“Then you’d be my half brother, silly. You can’t date somebody from your own cabin. Yuck!”

“But aren’t all the gods related?” Jason asked. “So isn’t everyone here your cousin or something?”

“Aren’t you cute! Sweetie, the godly side of your family doesn’t count except for your parent. So anybody from another cabin—they’re fair game. So who’s your godly parent—mom or dad?”

As usual, Jason didn’t have an answer. He looked up, but no glowing sign popped above his head. At the top of the Big House, the weathervane was still pointing his direction, that bronze eagle glaring as if to say, Turn around, kid, while you still can.

Then he heard footsteps on the front porch. No—not footsteps—hooves.

“Chiron!” Drew called. “This is Jason. He’s totally awesome!”

Jason backed up so fast he almost tripped. Rounding the corner of the porch was a man on horseback. Except he wasn’t on horseback—he was part of the horse. From the waist up he was human, with curly brown hair and a well-trimmed beard. He wore a T-shirt that said World’s Best Centaur, and had a quiver and bow strapped to his back. His head was so high up he had to duck to avoid the porch lights, because from the waist down, he was a white stallion.

Chiron started to smile at Jason. Then the color drained from his face.

“You …” The centaur’s eyes flared like a cornered animal’s. “You should be dead.”

Chiron ordered Jason—well, invited, but it sounded like an order—to come inside the house. He told Drew to go back to her cabin, which Drew didn’t look happy about.

The centaur trotted over to the empty wheelchair on the porch. He slipped off his quiver and bow and backed up to the chair, which opened like a magician’s box. Chiron gingerly stepped into it with his back legs and began scrunching himself into a space that should’ve been much too small. Jason imagined a truck’s reversing noises—beep, beep, beep—as the centaur’s lower half disappeared and the chair folded up, popping out a set of fake human legs covered in a blanket, so Chiron appeared to be a regular mortal guy in a wheelchair.

“Follow me,” he ordered. “We have lemonade.”

The living room looked like it had been swallowed by a rain forest. Grapevines curved up the walls and across the ceiling, which Jason found a little strange. He didn’t think plants grew like that inside, especially in the winter, but these were leafy green and bursting with bunches of red grapes.

Leather couches faced a stone fireplace with a crackling fire. Wedged in one corner, an old-style Pac-Man arcade game beeped and blinked. Mounted on the walls was an assortment of masks—smiley/frowny Greek theater types, feathered Mardi Gras masks, Venetian Carnevale masks with big beaklike noses, carved wooden masks from Africa. Grapevines grew through their mouths so they seemed to have leafy tongues. Some had red grapes bulging through their eyeholes.

But the weirdest thing was the stuffed leopard’s head above the fireplace. It looked so real, its eyes seemed to follow Jason. Then it snarled, and Jason nearly leaped out of his skin.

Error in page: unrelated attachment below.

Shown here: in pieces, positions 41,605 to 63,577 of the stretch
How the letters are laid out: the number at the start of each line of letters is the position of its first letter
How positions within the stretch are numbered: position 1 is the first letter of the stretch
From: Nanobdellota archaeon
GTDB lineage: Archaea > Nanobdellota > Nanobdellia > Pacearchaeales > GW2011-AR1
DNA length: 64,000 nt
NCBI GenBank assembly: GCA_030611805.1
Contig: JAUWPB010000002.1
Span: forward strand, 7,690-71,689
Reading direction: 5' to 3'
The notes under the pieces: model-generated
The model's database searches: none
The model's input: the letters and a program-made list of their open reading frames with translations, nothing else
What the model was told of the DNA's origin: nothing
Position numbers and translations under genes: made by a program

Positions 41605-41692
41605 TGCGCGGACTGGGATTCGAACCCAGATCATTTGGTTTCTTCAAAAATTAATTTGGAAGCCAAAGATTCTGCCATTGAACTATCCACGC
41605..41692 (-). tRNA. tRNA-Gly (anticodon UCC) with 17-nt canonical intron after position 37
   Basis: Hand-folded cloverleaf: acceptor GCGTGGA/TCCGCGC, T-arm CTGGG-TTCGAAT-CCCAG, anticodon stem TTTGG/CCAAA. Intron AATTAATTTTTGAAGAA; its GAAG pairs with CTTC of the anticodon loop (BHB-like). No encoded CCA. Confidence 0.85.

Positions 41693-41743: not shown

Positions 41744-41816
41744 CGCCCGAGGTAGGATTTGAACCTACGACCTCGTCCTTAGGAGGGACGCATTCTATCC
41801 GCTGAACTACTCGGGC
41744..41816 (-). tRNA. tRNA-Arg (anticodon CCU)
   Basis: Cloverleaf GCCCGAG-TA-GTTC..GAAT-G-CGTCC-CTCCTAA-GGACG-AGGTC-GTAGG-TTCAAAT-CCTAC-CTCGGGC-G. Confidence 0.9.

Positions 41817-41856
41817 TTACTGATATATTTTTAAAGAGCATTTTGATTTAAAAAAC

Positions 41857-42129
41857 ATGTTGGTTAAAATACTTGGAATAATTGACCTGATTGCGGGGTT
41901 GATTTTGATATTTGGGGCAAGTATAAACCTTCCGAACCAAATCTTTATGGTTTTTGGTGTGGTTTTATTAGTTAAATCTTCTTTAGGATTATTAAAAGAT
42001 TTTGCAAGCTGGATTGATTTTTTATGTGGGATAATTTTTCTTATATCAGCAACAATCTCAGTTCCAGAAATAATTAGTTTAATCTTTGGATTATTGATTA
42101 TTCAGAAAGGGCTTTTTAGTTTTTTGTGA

“Now, Seymour,” Chiron chided. “Jason is a friend. Behave yourself.”

“That thing is alive!” Jason said.

Chiron rummaged through the side pocket of his wheelchair and brought out a package of Snausages. He threw one to the leopard, who snapped it up and licked his lips.

“You must excuse the décor,” Chiron said. “All this was a parting gift from our old director before he was recalled to Mount Olympus. He thought it would help us to remember him. Mr. D has a strange sense of humor.”

“Mr. D,” Jason said. “Dionysus?”

“Mmm hmm.” Chiron poured lemonade, though his hands were trembling a little. “As for Seymour, well, Mr. D liberated him from a Long Island garage sale. The leopard is Mr. D’s sacred animal, you see, and Mr. D was appalled that someone would stuff such a noble creature. He decided to grant it life, on the assumption that life as a mounted head was better than no life at all. I must say it’s a kinder fate than Seymour’s previous owner got.”

Seymour bared his fangs and sniffed the air, as if hunting for more Snausages.

“If he’s only a head,” Jason said, “where does the food go when he eats?”

“Better not to ask,” Chiron said. “Please, sit.”

Jason took some lemonade, though his stomach was fluttering. Chiron sat back in his wheelchair and tried for a smile, but Jason could tell it was forced. The old man’s eyes were as deep and dark as wells.

“So, Jason,” he said, “would you mind telling me—ah—where you’re from?”

“I wish I knew.” Jason told him the whole story, from waking up on the bus to crash-landing at Camp Half-Blood. He didn’t see any point in hiding the details, and Chiron was a good listener. He didn’t react to the story, other than to nod encouragingly for more.

When Jason was done, the old man sipped his lemonade.

“I see,” Chiron said. “And you must have questions for me.”

“Only one,” Jason admitted. “What did you mean when you said that I should be dead?”

Chiron studied him with concern, as if he expected Jason to burst into flames. “My boy, do you know what those marks on your arm mean? The color of your shirt? Do you remember anything?”

Jason looked at the tattoo on his forearm: SPQR, the eagle, twelve straight lines.

“No,” he said. “Nothing.”

“Do you know where you are?” Chiron asked. “Do you understand what this place is, and who I am?”